Money & Banking

Repo cut sooner than desired, says Crisil Research

Vinson Kurian Thiruvananthapuram | Updated on March 12, 2018

A sharp reduction in repo rate has come sooner than desired, given the upside risks to inflation, according to Crisil Research.

The lowering of interest rates may sound like good news in the scenario of fledgling growth, but by itself it may not be enough to stimulate investment and GDP growth. The investment slowdown can largely be attributed to policy bottlenecks rather than high interest rates.

Hence, for growth to revive, the investment climate supported by appropriate policy reforms will have to improve.

The economy is now wedged between sub-seven per cent growth and seven per cent headline inflation. In addition, six consecutive years of high inflation has heightened fears that the normal level of inflation has risen beyond the RBI’s stated tolerance limit.

If inflationary pressures resurface, the RBI will be left with little room to cut the rates further. In that case, yesterday’s rate cut could turn out to be the last one in this year. Letting down the guard on inflation at this point could prove to be a risky proposition, Crisil Research said.

The reversal towards an easy monetary policy stance, coupled with already loose fiscal policy, does not bode well for controlling inflation on a durable basis.

Fitch Ratings

The market was expecting a maximum 25 basis points cut in repo rate after the RBI’s macroeconomic report only the previous day, says Dr Devendra Kumar Pant, Director, Fitch Ratings.

Core inflation measured by non-food manufactured products in March 2012 declined to 4.7 per cent, although higher than the RBI’s comfort level of four per cent. Headline inflation is still high, and growth has slowed down considerably to 6.1 per cent in October-December 2012.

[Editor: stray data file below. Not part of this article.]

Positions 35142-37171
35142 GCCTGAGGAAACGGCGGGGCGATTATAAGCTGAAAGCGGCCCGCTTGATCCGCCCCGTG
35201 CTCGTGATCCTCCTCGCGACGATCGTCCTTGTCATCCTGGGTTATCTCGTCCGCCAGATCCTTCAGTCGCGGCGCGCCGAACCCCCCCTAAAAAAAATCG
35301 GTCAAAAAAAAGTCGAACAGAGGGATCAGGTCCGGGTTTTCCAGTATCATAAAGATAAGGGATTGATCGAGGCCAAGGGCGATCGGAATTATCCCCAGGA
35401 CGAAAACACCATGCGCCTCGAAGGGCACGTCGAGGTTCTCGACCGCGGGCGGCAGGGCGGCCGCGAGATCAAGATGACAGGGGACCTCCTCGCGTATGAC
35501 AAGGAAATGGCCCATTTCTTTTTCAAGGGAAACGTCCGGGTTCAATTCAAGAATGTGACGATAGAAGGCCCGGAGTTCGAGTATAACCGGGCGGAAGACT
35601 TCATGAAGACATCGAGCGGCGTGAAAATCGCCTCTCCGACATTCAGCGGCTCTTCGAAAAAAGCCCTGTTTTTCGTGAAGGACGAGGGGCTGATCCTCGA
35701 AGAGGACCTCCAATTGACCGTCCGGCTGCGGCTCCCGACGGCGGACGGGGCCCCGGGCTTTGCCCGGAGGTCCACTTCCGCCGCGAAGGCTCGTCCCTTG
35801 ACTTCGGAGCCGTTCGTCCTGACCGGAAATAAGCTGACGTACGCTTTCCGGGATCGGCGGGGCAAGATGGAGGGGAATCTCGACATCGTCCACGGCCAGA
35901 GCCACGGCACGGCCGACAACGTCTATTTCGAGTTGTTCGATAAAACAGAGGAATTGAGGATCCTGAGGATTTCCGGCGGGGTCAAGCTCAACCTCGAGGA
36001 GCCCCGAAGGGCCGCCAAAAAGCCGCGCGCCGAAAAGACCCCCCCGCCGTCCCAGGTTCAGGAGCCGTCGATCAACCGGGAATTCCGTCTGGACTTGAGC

Having controlled inflation to a certain extent, the priority has been shifted to giving boost to economic growth. The 50 bps cut in repo rate is a step in this direction, Mr Pant said.

The central bank has said that the scope for future cut is limited; this would largely depend on how inflation and growth scenario pans out in 2012-13.

Standard Chartered Bank

The larger-than-expected repo rate cut was probably driven by two factors.

First, the RBI needs to balance growth and inflation requirements. Given the positive output gap, growth clearly needs supportive polices.

However, with inflation still hovering at seven per cent and expected to move higher in the next few months, the RBI has a limited window of opportunity to support growth.

Indeed, the RBI is non-committal on further easing, as it sees upside risks to its inflation forecast of 6.5 per cent for March 2013.

Secondly, a 50 bps repo rate cut is likely to ensure better transmission of monetary policy, which is necessary to nurture a growth revival.

“With this statement, we highlight a risk to our call of further rate cuts by the RBI. We had expected 75 bps of repo rate reductions in 2012-13,” a Standard Chartered team said.

On the face of it, the repo rate cut and the resulting stimulus to growth appear positive for the Indian rupee. However, the cautious stance of the RBI towards future rate cuts is likely to dampen the impact.


Published on April 18, 2012

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